Trans-Canada Highway shut due to Manitoba snowstorm

HEADINGLEY, Man. — Snowblowers roared in driveways and across southern Manitoba Sunday after a storm dumped more than 20 centimetres in some areas and closed the Trans-Canada Highway for close to 12 hours.

HEADINGLEY, Man. — Snowblowers roared in driveways and across southern Manitoba Sunday after a storm dumped more than 20 centimetres in some areas and closed the Trans-Canada Highway for close to 12 hours.

RCMP closed the highway late Saturday evening between Headingley, just west of Winnipeg, to Brandon, about 150 kilometres away.

It didn’t reopen again until late Sunday morning.

RCMP in Headingley say that conditions were extremely slippery, but that no vehicles had to be abandoned overnight on the highway and there were no serious accidents to report.

Police in Winnipeg also sent out an advisory Saturday night that people shouldn’t drive, warning that visibility at times was down to zero.

Environment Canada says the storm system, which has also delivered heavy snowfalls in southern Alberta and Saskatchewan, developed over the American Rockies.

“It blew all yesterday. By six, it got bad. By seven, you could hardly see across the street,” said Earl Porter, the mayor of Portage la Prairie, on Sunday.

The community is halfway between Headingley and Brandon along the section of the Trans-Canada that was closed, which meant nobody was going anywhere, east or west, on Saturday night.

Porter estimates at least 30 centimetres fell. He said it took three hours to clear his driveway on Sunday, and he said his driveway isn’t really that big.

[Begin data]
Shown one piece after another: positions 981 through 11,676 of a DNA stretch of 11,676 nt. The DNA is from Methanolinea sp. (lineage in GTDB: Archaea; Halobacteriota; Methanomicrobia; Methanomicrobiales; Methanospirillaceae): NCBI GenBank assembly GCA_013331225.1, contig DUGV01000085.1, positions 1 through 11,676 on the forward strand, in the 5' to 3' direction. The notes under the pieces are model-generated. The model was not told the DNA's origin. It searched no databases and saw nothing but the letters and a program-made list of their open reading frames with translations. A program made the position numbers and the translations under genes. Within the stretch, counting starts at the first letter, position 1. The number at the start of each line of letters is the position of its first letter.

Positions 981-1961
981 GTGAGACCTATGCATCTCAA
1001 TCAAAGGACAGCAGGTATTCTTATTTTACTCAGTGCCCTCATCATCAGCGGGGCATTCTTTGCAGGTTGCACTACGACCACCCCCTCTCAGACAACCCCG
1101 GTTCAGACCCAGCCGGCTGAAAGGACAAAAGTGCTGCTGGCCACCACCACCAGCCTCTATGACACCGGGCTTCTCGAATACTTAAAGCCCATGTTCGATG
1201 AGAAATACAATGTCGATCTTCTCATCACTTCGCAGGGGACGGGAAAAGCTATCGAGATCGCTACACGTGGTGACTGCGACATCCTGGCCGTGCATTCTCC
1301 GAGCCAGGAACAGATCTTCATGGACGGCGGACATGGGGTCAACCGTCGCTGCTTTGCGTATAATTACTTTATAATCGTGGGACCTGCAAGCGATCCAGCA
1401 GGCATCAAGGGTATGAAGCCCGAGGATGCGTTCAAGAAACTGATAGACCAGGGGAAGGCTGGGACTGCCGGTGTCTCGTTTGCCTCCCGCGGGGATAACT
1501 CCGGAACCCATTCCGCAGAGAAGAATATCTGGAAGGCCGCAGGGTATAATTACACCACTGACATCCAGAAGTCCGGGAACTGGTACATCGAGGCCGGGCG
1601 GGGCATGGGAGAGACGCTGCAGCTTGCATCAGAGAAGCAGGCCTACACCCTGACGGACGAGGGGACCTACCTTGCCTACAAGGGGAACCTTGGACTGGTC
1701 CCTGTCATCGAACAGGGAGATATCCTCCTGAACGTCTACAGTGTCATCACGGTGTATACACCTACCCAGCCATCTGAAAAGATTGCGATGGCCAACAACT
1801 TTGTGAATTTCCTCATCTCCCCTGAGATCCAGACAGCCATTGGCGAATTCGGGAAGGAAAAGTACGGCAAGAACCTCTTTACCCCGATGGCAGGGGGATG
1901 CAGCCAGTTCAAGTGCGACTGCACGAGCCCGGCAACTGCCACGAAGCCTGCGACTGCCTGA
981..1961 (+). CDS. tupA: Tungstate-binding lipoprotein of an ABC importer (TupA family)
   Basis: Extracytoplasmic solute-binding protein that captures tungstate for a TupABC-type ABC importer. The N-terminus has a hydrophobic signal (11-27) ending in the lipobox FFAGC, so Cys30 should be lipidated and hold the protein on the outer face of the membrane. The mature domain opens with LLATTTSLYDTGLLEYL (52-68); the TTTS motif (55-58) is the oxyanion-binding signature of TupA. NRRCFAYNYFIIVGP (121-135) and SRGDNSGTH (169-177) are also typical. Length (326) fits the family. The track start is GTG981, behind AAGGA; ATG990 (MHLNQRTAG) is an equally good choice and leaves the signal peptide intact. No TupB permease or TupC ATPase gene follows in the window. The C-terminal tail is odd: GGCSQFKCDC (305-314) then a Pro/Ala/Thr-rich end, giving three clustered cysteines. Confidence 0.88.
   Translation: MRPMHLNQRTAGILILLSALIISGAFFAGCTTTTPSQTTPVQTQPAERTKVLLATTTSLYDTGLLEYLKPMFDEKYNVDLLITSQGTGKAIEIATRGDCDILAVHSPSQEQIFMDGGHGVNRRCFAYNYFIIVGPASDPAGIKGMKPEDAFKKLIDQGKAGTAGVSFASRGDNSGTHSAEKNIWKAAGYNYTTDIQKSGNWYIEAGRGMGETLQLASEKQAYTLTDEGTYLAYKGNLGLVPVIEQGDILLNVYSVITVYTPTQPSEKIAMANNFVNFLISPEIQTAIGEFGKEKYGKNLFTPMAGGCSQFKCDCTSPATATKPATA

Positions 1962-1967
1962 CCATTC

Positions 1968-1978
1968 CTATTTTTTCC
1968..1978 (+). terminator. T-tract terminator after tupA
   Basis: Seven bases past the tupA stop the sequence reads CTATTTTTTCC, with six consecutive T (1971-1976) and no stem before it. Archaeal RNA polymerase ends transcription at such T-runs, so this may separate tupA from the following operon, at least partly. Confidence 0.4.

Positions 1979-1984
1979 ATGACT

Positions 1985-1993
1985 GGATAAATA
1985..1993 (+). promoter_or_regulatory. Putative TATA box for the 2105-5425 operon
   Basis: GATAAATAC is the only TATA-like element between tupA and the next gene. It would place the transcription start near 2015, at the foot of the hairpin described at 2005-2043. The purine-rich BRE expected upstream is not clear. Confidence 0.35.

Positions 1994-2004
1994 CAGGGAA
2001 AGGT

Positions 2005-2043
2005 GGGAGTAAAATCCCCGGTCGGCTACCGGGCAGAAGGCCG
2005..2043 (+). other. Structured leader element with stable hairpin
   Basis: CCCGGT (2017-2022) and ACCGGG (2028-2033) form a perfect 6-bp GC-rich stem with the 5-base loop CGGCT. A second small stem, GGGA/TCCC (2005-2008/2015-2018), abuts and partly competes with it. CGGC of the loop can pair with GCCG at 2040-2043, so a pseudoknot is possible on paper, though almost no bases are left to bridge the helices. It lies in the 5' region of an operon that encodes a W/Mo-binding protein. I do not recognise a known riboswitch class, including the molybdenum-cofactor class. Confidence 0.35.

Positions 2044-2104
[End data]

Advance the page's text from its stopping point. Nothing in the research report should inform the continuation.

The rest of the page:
“All the neighbours are out with snowblowers,” Porter said. “It was deep.”

Some hotels on either end of the closed highway were busy Saturday night with last-minute guests.

Cori Prosser, a desk clerk at the Motel 6 in Headingley, said the hotel put up a lot of guests who needed accommodations.

She also said there were a lot of cancellations on Sunday from people who were delayed elsewhere because of the weather.

Prosser, who lives in Winnipeg, said she ventured out on the roads during the height of the storm on Saturday night despite the difficult driving conditions.

“I’m 21 and wanted to hang out with my friends,” Prosser explained.

“I’m from Winnipeg and we can go through anything.”

In Winnipeg, city crews worked to clear “Military Fields of Honour” sites at cemeteries for Remembrance Day. The city said in a news release that its crews would be sanding and salting streets around the clock to improve traction.

The weekend snowfall in Manitoba followed days of wintry blasts which began on Wednesday in Edmonton.

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